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Contractual interpretation and enforceability in commercial service level agreements

Minimum acceptable performance level examples and key performance indicators (KPIs) have been held, by the Court of Appeal, to be contractually binding.  Commercial Dispute Resolution specialist Nick Lees discusses a case which will be of interest to all those who negotiate or operate commercial services or service level agreements.

Interpretation authority

Since the 2015 case of Arnold v Britton [1], Supreme Court authority on contractual interpretation has been clear.  In short:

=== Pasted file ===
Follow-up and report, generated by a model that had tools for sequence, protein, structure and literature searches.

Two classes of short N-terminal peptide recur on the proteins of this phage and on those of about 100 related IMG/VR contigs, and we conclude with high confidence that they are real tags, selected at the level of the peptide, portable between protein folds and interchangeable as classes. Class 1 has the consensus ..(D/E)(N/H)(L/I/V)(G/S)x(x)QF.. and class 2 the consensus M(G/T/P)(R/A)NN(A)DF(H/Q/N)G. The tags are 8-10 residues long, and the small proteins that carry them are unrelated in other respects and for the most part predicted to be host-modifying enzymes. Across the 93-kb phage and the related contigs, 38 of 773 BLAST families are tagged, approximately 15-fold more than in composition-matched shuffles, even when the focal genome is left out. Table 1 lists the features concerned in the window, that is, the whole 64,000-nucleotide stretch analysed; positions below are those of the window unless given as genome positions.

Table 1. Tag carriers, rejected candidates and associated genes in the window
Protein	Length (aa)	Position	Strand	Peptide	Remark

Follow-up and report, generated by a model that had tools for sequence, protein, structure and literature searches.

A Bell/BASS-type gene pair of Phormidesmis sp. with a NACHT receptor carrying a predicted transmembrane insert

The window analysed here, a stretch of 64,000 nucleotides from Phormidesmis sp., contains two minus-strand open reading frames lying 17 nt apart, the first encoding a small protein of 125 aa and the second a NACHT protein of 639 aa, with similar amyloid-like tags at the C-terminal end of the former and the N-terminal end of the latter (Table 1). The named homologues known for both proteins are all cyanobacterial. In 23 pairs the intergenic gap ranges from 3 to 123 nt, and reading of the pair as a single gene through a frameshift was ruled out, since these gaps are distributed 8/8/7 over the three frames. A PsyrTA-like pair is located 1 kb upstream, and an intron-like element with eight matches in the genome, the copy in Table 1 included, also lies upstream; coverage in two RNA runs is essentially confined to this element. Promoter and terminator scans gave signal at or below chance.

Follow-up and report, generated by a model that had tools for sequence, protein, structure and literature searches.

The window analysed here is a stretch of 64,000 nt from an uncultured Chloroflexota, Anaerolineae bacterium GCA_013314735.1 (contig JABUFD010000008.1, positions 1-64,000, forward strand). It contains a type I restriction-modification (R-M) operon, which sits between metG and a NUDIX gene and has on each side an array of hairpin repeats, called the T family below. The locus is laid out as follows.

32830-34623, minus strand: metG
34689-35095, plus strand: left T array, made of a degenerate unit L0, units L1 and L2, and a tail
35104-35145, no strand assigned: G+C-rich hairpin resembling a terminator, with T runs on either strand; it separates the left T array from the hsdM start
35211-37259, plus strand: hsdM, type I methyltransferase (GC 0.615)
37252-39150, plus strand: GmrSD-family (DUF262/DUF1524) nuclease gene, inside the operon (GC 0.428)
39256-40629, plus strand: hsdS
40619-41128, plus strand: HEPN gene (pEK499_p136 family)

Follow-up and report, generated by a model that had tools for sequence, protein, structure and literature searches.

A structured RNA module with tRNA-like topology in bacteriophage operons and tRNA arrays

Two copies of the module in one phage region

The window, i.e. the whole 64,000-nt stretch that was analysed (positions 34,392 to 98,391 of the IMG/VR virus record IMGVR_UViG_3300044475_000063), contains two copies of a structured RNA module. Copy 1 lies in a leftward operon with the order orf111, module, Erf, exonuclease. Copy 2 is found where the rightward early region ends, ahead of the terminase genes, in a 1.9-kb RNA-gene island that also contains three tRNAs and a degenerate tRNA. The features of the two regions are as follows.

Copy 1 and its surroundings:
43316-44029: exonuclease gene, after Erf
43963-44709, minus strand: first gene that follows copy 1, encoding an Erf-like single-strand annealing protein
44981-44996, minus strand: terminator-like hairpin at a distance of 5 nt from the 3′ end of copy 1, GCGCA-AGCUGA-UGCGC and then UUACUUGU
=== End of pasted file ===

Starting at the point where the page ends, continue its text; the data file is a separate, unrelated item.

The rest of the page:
• The starting point is the wording of the contract itself.
  • Whilst consideration of commercial common sense can, in the right circumstances, be taken into account, it is not a criterion of contractual interpretation that should undermine the importance of the clear language of a clause.
  • Similarly, whilst commercial common sense can be a consideration, it cannot be invoked ‘after the fact’ (it is only relevant to ascertaining how matters would or could have been perceived when the contract was made).
  • Where necessary, an objective test – that of what the reasonable business person would understand the clause to mean – is applied to ascertain the parties’ intention at the time the contract was entered into.
  • In a case where there are two or more tenable interpretations, the most commercially sensible option will be preferred.
  • Crucially, it is not for the court to depart from clear contractual wording even where that represents a bad bargain for any party.

“Curious” case and Court of Appeal decision